I like this

Xum wrote:
I believe tiny creatures and smaller don't occupy a square, so... Imune to flanking? That's how I'd go.

That is how I see it as well. Makes reduce person great for small PCs.

I allow it but I feel that the feat is kinda useless to begin with and needs help just to make it an option for a player to take.

TheOrangeOne wrote:
Thank you very much kind Caineach. Might you or anyone else have some existing house rules on poison crafting?

Mongoose's Quid Rogue great poison crafting rules.

legallytired wrote:

A shambling mound rests in a pond with his tentacle-like arms rolled around nearby rotten trees.

Considering it has a strenght of 21 and has a large size and wants to throw a tree, how would you rule such an action?

I'm guessing:
Ranged touch attack at -4 with a 10ft range.
I'm thinking about using the creature's base damage for simplicity's sake but not quite sure yet.

How would you rule it?


Since it is broken I would have it wail as though in pain either when drawn or held or at random times of the day but make it so the bar is the only one that hears the Item in "pain". This should work. When it is fixed have it roar like a lion/bear/dragon whatever fits the theme of the bar or the item

Fake Healer wrote:

They made their bed. Hopefully they don't all die but really they need to learn a lesson here. Don't pull punches here. Maybe fudge a roll(or lower an AC/HPs) or two if it looks like a possible TPK, but if a party member or 2 die, let them.

Changing the encounter is really no different than fudging the rolls....They made a big tactical mistake that should have big consequences.

What he said. They had their fun blasting mooks let them learn from that. There is never a good reason to waste your spells, because evil will always try and get at you when you are not ready for it.

Xpltvdeleted wrote:
Marshall Jansen wrote:
Clearly, your DM is setting you up to get the Hand of Vecna. Be afraid.
Dare i ask?

The major danger is the shift to Evil these items can cause. An unwary good or netural player can go evil quick with the use of these Items, but what you get from them can be alot of power. Once had a GM who played Vecna talking in the head of the CG fighter who got the hand. trying to push his actions towards evil. Was great RP.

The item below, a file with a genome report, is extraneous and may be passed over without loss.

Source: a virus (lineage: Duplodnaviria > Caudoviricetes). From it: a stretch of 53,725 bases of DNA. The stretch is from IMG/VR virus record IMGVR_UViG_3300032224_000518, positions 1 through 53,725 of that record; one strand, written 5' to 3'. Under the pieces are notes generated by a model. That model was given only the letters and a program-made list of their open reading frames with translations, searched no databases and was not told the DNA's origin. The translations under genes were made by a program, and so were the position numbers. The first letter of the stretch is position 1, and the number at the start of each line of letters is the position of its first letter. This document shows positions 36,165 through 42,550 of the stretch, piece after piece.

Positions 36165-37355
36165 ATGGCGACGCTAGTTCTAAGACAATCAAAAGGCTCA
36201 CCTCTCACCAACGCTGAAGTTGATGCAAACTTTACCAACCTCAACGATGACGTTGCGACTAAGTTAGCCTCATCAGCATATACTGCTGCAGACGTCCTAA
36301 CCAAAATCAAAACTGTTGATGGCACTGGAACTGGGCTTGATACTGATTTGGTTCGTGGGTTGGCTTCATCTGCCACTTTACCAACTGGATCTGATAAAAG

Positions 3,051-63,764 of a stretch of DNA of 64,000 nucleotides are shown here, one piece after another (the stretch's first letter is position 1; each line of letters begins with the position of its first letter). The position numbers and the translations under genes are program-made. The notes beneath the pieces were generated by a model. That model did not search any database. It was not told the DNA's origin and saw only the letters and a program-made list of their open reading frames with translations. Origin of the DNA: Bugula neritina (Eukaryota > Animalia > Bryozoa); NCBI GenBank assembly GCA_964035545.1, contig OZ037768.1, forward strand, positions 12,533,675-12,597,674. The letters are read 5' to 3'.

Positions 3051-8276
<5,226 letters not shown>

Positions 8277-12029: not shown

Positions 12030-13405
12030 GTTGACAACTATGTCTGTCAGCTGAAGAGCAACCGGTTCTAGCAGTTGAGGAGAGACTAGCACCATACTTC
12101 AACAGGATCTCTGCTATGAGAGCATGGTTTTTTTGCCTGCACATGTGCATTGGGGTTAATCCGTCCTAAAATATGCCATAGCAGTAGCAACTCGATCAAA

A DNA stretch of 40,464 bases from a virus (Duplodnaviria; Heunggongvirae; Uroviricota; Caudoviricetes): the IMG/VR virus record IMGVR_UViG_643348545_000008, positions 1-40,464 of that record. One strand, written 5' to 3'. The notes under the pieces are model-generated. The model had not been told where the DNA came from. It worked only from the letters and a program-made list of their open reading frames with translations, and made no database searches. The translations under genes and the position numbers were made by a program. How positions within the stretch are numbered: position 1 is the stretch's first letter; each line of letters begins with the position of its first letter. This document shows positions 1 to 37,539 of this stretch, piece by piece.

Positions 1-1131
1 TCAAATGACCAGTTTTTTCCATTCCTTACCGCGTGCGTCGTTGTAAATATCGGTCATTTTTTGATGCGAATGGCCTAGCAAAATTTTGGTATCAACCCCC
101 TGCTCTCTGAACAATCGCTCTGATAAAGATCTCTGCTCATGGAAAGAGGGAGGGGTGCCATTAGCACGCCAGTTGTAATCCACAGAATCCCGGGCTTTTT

King of Vrock wrote:

Besides the normal XP for roleplaying encounters, such as negotiating a truce, talking your way into the Baron's mansion by seducing his daughter/son, etc, etc. I use a mechanic I lifted from Shadowrun, the Player Award.

A (PA) is given by the Players to another Player for some significant action in the game. Now there are some basic categories that define the significant action and those keep players from just giving each other one every night.

The categories are:[list]

  • Overwhelming Bravery - showing uncharacteristic valor while risking dire peril.
  • Extraordinary Drama/Comedy - Creating a scene that captivates the entire table or makes the whole group laugh so hard it hurts.
  • Outrageous Luck - Not only attempting, but succeeding in a stunt so audacious it's deemed impossible.
  • Fantastic Strategy/Tactic - coming up with the perfect plan, strategy, or tactic to win out a major encounter decisively.
  • Impeccable Timing - using a the perfect skill, spell, item, or piece of in game knowledge in the right place at the right time.

    This bonus is usually an XP award equal to an APL award, though in major storyline conclusions (final battle with major campaign arc villain) it could be twice that. These awards I've found are sufficient to encourage even my more passive players to push their boundaries in both RP and Combat encounters.

    --Vrockefeller Center

  • Put it in the hands of the other players I like that. Going to use this in my next game thanks.

    Marshall Jansen wrote:
    Clearly, your DM is setting you up to get the Hand of Vecna. Be afraid.

    Very afraid.

    Studpuffin wrote:

    You have to encourage roleplaying?

    Yes with some of the newer players who only have experience with MMORPGS you need to encourage roleplaying. Not that these people are bad once they start it is just getting them going that seems to be a problem. I love the fact that so many new people are getting into the game it is just that I am very old school RP and want to show the joy of that to those who do not have that backgroud. Sometimes, espically with video game players they need a "reward" for doing something. Just wanted some new ways to reward people and help move the MMO/Final Fantasy/ Crono Trigger;Cross/ ECT... players into world of Role Playing.

    TriOmegaZero wrote:
    Yerv Kinkash wrote:
    I would just like to say thanks.

    This is highly unusual. What is proper response? Ah, yes. *panics*


    It should not be. If we are to be a more civilized society then when someone does something good he should be thanked for that act of goodness. Sorry, studying Aristotle right now and I think he is bleeding into the rest of my life.

    TriOmegaZero wrote:
    I do it by removing XP from the game. I rate their progress on the session as a whole, not individual events. So they don't have an incentive to kill every last rat to squeeze out that last bit of XP.


    ust wanted to say that I have noticed that often your posts are thoughtful and helpful

    I would just like to say thanks.